New health care funding should open doors to family doctors

Posted on February 21, 2023 in Health Delivery System

Source: — Authors: – Opinion/Editorials
Feb. 21, 2023.   By Star Editorial Board

If provinces use new health care funding wisely, they could ensure that family doctor’s offices are open to everyone.

Imagine the frustration of being unable to find a family doctor, that trusted health professional who can offer regular access, knows your medical history and dispenses the essential care and advice so essential to good health.

That’s the very predicament that confronts a growing number of Ontario residents. According to new research from Inspire Primary Health Care, some 2.2 million residents in the province are without a family doctor.

Needless to say, the consequences of the shortage can be dire because family medicine acts as a gateway into the complex world of health care, and provides enormous benefits for both individuals and the system.

According to a literature review by the Alberta Medical Association, an ongoing relationship with a primary care provider leads to improved health outcomes, higher quality of care and decreased mortality.

And when everyone has a family doctor, the system benefits from fewer emergency room visits and hospital admissions, with a consequent decrease in health care costs.

With a new agreement between Ottawa and the premiers, Canadians and the Canadian health care system should reap some benefits. After lengthy negotiations, the premiers this week accepted the federal government’s proposed 10 year, $46.2 billion increase in health care spending.

While individualized, bilateral agreements with each province must still be worked out, that money, if utilized properly, could go a long way toward ensuring that all Canadians have access to a family doctor.

Of particular importance to primary care, Ottawa has earmarked $25 billion over 10 years for improvements in four priority areas: family health services, health workers and backlogs, mental health and addictions, and a modernized health system.

In the last few years, medical organizations have stressed the importance of these areas because primary care is a team effort. Yet the Ontario College of Family Physicians reports that some 75 per cent of family doctors function without such teams in place.

With the new injection of cash, that can and should change. The college recommends primary care teams include nurses, who co-ordinate care and offer clinical support, and mental health workers, who provide psychological and addictions counselling and connect patients with social supports.

Clerical and support staff also play a critical role since family doctors now spend up to 25 per cent of their days handling administrative tasks – time that would be better spent on patient care.

In the interest of reducing the administrative burden, the college also advises streamlining and centralizing the referral process for tests and specialists, and connecting electronic medical records with hospitals and home and community care.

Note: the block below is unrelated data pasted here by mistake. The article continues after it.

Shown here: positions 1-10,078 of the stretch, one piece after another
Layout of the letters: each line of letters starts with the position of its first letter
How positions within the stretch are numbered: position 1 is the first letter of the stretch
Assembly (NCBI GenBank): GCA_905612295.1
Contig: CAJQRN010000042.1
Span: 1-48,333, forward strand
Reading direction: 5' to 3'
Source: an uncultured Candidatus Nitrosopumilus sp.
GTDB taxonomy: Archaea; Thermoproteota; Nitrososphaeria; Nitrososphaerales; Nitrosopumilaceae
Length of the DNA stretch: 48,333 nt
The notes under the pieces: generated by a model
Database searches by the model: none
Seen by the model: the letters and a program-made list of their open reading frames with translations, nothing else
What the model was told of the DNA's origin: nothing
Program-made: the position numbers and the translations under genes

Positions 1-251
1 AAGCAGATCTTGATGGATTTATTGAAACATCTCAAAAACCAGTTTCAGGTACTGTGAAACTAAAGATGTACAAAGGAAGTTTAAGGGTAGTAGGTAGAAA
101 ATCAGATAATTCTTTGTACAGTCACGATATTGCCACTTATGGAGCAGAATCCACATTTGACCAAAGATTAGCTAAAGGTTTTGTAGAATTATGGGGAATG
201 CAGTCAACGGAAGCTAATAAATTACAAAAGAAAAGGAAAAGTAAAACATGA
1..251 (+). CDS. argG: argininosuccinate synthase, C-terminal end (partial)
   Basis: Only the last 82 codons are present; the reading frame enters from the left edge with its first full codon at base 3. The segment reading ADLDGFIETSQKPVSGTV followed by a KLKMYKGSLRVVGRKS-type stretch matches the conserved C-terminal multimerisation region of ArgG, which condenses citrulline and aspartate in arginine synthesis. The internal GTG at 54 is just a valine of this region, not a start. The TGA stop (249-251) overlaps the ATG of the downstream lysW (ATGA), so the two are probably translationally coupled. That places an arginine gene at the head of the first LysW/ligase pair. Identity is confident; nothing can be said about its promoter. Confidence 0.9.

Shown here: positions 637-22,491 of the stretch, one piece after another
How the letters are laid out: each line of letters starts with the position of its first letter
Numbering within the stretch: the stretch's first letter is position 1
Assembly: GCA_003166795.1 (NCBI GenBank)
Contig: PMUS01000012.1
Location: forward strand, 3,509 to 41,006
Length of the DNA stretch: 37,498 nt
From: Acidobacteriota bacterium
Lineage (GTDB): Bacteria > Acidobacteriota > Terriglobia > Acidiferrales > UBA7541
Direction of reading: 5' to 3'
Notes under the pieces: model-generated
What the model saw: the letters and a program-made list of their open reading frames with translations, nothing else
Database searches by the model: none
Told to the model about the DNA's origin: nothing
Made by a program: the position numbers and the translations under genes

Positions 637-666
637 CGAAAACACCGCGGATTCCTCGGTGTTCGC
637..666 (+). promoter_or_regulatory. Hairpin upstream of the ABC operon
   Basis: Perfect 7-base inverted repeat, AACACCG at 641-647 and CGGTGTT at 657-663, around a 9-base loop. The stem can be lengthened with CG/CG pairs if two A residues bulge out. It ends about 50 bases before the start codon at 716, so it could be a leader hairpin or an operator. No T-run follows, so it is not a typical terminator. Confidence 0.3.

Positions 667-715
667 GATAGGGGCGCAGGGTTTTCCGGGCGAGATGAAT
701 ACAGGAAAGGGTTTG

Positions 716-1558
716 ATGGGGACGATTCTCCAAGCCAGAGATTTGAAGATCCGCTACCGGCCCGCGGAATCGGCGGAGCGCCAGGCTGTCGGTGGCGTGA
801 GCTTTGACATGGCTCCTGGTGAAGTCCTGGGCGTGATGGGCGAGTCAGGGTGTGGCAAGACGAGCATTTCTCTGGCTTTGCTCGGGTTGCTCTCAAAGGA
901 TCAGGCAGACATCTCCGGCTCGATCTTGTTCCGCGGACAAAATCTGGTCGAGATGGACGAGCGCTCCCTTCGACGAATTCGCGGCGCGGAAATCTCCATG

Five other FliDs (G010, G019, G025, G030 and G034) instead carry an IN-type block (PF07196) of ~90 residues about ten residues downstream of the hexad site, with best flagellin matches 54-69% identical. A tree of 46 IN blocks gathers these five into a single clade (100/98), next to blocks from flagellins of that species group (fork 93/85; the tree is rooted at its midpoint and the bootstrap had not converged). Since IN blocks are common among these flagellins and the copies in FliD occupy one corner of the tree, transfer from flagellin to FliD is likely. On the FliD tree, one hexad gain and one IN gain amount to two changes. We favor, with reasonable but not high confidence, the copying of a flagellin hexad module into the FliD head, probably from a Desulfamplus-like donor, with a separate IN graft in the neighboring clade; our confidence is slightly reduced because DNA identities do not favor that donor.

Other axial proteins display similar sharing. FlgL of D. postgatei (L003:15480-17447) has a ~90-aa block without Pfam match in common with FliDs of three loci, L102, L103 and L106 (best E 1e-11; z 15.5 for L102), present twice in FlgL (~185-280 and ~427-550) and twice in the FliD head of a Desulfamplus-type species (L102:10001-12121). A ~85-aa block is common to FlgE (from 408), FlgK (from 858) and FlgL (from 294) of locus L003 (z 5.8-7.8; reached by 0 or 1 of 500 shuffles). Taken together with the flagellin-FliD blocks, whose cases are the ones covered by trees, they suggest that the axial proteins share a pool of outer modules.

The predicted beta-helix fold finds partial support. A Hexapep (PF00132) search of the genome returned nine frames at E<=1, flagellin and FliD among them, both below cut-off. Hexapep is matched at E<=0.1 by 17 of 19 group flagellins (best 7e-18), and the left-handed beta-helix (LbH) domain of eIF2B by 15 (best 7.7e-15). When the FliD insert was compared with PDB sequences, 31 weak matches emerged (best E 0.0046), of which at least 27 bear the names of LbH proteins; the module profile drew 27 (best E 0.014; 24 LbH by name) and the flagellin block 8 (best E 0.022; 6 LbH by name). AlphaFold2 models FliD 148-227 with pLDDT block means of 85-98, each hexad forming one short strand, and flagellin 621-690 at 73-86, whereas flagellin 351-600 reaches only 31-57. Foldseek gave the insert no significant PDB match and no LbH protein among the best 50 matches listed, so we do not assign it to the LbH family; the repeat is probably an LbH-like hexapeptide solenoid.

These efforts to modernize the system and improve multidisciplinary support should help to encourage young doctors to pursue a career in family medicine – a specialty that has, in recent years, seen residency spaces go unfilled as medical school graduates opt for specialties they see as less burdensome and more rewarding.

But the shortage of family practitioners is not uniform across the province: The Institute for Clinical Evaluative Sciences notes that northern and rural regions of Ontario have fewer family physicians despite having more seniors and individuals living with disabilities.

The task, then, involves not merely making family medicine more attractive, but making it more attractive to practice in under served areas. That means providing incentives such as recruitment bonuses and relocation and housing support to physicians willing to serve those who need it most.

Now that said, not all family doctors need to be convinced of the value of family medicine. Some have already chosen that specialty, but the door is closed to them, too, because they were trained in another country.

For these individuals, we don’t need to make family medicine more attractive — we need to make it more accessible. That means improving and expediting the qualification process so that they can begin offering their services.

All of this will, of course, require an increase in funds — and that’s exactly what Ottawa and the premiers have agreed on. And if they use the new money wisely, they could ensure that family doctor’s offices are open to everyone.

Tags: , , ,

This entry was posted on Tuesday, February 21st, 2023 at 4:49 pm and is filed under Health Delivery System. You can follow any responses to this entry through the RSS 2.0 feed. You can skip to the end and leave a response. Pinging is currently not allowed.

Leave a Reply